Crew errors caused plane tragedy

A PLANE crash which killed nine Suffolk-based American servicemen was caused by a series of errors from crew members, accident investigators have revealed.

A PLANE crash which killed nine Suffolk-based American servicemen was caused by a series of errors from crew members, accident investigators have revealed.

The RAF Mildenhall-based 130H Combat Talon II crashed into an Albanian mountainside at a speed of 120mph and exploded into a ball of flames just 20 minutes after taking off on a routine training mission in March this year.

Investigators said the crew had a “false sense of security” as they flew the $80 million stealth plane too low, before attempts to manoeuvre away from snow-topped mountains ended when the aircraft stalled seconds before the crash.

A report into the disaster by the United States Air Force said a “loss of situational awareness” by flight deck crew, inadequate planning and lack of experience in night-time flying all contributed to the crash - but ruled out any sign of hostile action.


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Capt Todd Bracy, 34; Capt James Cronin, 32; Capt Gil Williamson, 31; Capt Surender Kothakota, 30; and 1st Lieutenant 22-year-old Ray Owens all died in the accident in a remote mountainous region of Albania, about 35 miles east of the capital Tirana.

Their colleagues - Chief Master Sgt Lawrence Gray, 40; Technical Sgt James Henry, 30; Technical Sgt Glenn Lastes, 39; and Staff Sgt Patrick Pentico, 22, also lost their lives in the tragedy on March 31, which plunged Suffolk's American community into mourning.

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The month-long investigation revealed that crew became aware of the mountains just over a minute before impact and were conscious and aware when the plane crashed.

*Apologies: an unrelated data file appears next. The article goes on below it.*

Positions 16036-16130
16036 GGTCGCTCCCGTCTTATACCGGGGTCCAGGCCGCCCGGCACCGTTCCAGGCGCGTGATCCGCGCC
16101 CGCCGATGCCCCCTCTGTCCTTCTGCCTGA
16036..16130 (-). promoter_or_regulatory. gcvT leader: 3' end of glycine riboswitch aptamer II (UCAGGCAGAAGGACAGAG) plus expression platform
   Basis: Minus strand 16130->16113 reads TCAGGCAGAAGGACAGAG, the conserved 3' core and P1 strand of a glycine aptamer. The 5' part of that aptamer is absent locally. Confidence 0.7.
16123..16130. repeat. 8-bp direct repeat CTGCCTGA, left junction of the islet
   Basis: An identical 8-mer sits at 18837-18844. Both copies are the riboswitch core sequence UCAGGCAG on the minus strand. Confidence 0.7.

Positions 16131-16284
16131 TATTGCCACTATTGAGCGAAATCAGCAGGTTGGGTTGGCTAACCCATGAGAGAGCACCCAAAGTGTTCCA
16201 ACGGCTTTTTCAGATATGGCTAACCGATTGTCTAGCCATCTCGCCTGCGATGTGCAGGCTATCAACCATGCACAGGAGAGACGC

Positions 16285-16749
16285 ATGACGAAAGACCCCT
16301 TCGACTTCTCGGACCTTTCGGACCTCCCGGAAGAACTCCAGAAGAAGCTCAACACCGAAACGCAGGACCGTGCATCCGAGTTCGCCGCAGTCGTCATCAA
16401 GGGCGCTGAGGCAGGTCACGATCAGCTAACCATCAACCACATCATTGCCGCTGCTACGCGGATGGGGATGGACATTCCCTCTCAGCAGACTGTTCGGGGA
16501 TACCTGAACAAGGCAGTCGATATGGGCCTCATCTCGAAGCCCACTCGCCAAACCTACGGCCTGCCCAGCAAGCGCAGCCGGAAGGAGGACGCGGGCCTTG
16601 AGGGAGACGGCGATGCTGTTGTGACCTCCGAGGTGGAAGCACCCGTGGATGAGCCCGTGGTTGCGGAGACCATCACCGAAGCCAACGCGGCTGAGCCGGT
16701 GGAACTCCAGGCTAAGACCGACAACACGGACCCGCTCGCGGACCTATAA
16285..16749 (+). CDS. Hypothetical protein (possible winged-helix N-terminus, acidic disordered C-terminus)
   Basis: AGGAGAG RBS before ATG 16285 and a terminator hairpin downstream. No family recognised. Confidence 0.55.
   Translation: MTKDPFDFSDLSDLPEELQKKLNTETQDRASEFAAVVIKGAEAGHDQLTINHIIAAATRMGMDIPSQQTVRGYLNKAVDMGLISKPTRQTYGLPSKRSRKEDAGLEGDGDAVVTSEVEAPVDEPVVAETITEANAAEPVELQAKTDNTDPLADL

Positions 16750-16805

The report said: “The flight deck crew began to realise they were in serious trouble as the tone of their voices began to change and they were directing the pilot to increase his rate of turn to get away from the terrain ahead.”

Military rescue attempts were initially hampered by treacherous conditions although local Albanian villagers said that the heat from the crash site prevented them from getting closer than 400 feet, the report revealed.

USAF Brigadier General Michael Wilson, president of the Accident Investigations Board, said: “The board determined that the crew's loss of situational awareness placed the aircraft in too low a climb with respect to the surrounding mountainous terrain.

“Responding to the situation, the crew did not use all available power and stalled the aircraft during a turning climb.

“This resulted in a loss of aircraft control and almost immediate crash.”

The plane, which can fly under radar and was part of the base's 7th Special Operations Squadron, was on a joint training mission with Albanian forces at the time of the tragedy.

Speaking at a memorial service for the airmen, attended by 3,000 people in April, Lieutenant Colonel Patrick Dean, squadron commander, said: “These men made a difference.

“They were warriors, husbands, fathers, sons, leaders and defenders of our freedom and the impact they made on life will be everlasting.

“As I was thinking of words to say about these men, these come to mind: courage, excellence, selflessness, pride, sacrifice. Your footprints are here and we will not forget you.”

A spokesman for RAF Mildenhall last night declined to comment on the investigation into the crash, which was regarded as the biggest tragedy to hit the US base since the Americans moved there in the 1950s.

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